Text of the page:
(CNN) The decades-long grip on power of Zimbabwe’s President Robert Mugabe appeared to be over on Thursday, as a military takeover of the African nation went unchallenged and efforts apparently began to form a transitional government.
A senior opposition source told CNN that discussions were taking place with military leaders against the backdrop of tacit support from key African nations.
“There is a transition of power underway and it has tacit agreement from regional powers,” the senior member of Zimbabwe’s opposition party, Morgan Tsvangirai’s Movement for Democratic Change, told CNN.
“There are active talks underway to form a transitional government and that transitional government will need to include the opposition,” added the source, who declined to be named. “It looks as if it is a done deal.”
Zimbabwe was thrust into uncertainty early Wednesday when army spokesman Maj. Gen. S.B. Moyo announced in a live television broadcast that the army was conducting an operation to target “criminals” close to Mugabe. Mugabe and his family, the commander said, were safe.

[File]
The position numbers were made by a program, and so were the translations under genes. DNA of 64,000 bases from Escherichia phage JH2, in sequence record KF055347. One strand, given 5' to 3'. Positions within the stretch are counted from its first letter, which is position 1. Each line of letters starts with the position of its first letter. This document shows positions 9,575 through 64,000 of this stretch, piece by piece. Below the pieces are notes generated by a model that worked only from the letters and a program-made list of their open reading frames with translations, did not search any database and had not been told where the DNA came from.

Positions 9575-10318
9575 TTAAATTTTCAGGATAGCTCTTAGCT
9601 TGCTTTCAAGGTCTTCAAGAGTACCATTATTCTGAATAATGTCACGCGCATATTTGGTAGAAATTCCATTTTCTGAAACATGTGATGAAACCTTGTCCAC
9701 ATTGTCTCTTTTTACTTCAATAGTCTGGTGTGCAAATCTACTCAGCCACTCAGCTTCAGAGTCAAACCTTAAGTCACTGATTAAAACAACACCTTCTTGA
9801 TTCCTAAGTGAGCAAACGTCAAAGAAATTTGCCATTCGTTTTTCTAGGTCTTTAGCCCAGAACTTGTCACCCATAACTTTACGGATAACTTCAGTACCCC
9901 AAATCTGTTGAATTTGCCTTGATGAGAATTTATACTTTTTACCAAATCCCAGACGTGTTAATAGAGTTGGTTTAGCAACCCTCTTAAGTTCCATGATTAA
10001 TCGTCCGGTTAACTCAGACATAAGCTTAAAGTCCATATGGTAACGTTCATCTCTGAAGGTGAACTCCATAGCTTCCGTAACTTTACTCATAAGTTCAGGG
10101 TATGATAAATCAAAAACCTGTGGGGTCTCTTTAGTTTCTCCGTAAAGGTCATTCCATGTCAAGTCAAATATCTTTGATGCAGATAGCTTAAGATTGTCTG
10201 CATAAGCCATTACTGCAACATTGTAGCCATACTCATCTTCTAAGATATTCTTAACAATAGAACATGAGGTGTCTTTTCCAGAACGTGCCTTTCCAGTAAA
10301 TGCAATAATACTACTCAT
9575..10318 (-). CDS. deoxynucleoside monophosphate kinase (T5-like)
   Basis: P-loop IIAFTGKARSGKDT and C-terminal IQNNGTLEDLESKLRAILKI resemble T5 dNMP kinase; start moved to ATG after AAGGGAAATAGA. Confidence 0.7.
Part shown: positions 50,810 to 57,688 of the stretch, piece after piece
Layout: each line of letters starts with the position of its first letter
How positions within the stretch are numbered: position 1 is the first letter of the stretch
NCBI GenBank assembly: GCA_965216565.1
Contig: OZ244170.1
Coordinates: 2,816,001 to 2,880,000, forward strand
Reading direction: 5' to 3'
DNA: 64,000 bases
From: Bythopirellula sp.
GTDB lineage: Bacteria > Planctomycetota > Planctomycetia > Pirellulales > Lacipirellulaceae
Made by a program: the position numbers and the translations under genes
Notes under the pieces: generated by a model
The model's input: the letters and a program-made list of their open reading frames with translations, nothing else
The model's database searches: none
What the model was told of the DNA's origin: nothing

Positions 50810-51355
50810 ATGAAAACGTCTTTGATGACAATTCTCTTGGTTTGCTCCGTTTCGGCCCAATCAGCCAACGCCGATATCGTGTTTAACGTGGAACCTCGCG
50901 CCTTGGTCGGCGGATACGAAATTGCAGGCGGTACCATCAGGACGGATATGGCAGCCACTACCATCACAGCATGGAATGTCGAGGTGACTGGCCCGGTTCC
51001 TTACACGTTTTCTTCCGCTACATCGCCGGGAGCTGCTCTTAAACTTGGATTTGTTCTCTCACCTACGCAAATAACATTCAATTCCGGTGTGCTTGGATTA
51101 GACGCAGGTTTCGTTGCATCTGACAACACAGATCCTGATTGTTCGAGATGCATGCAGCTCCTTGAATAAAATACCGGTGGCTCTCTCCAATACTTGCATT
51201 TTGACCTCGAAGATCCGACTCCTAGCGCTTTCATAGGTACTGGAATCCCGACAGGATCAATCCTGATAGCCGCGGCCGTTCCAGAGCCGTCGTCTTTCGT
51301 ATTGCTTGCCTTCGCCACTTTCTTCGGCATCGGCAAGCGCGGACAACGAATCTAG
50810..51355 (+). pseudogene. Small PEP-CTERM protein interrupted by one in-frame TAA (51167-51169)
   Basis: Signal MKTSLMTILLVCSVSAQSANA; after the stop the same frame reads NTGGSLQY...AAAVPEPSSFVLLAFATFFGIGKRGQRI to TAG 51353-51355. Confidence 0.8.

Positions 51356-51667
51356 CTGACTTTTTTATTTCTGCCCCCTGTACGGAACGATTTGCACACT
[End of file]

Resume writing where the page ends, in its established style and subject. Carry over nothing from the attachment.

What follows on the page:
According to South African President Jacob Zuma, Mugabe is being detained at his home and unable to leave. Members of the country’s military remain deployed outside the presidential palace, Zimbabwe’s parliament, the airport and the state broadcaster building.
Where is Mugabe? It’s believed Zimbabwe’s long-time leader is under house arrest with his wife Grace Mugabe. The 93-year-old President hasn’t made a public statement since events unfolded Wednesday.
South African envoys: Two envoys dispatched by South African President Zuma arrived in Harare for talks Thursday.
Botswana meeting: Zuma, as chair of the Southern African Development Community (SADC), has called for a meeting in Botswana Thursday.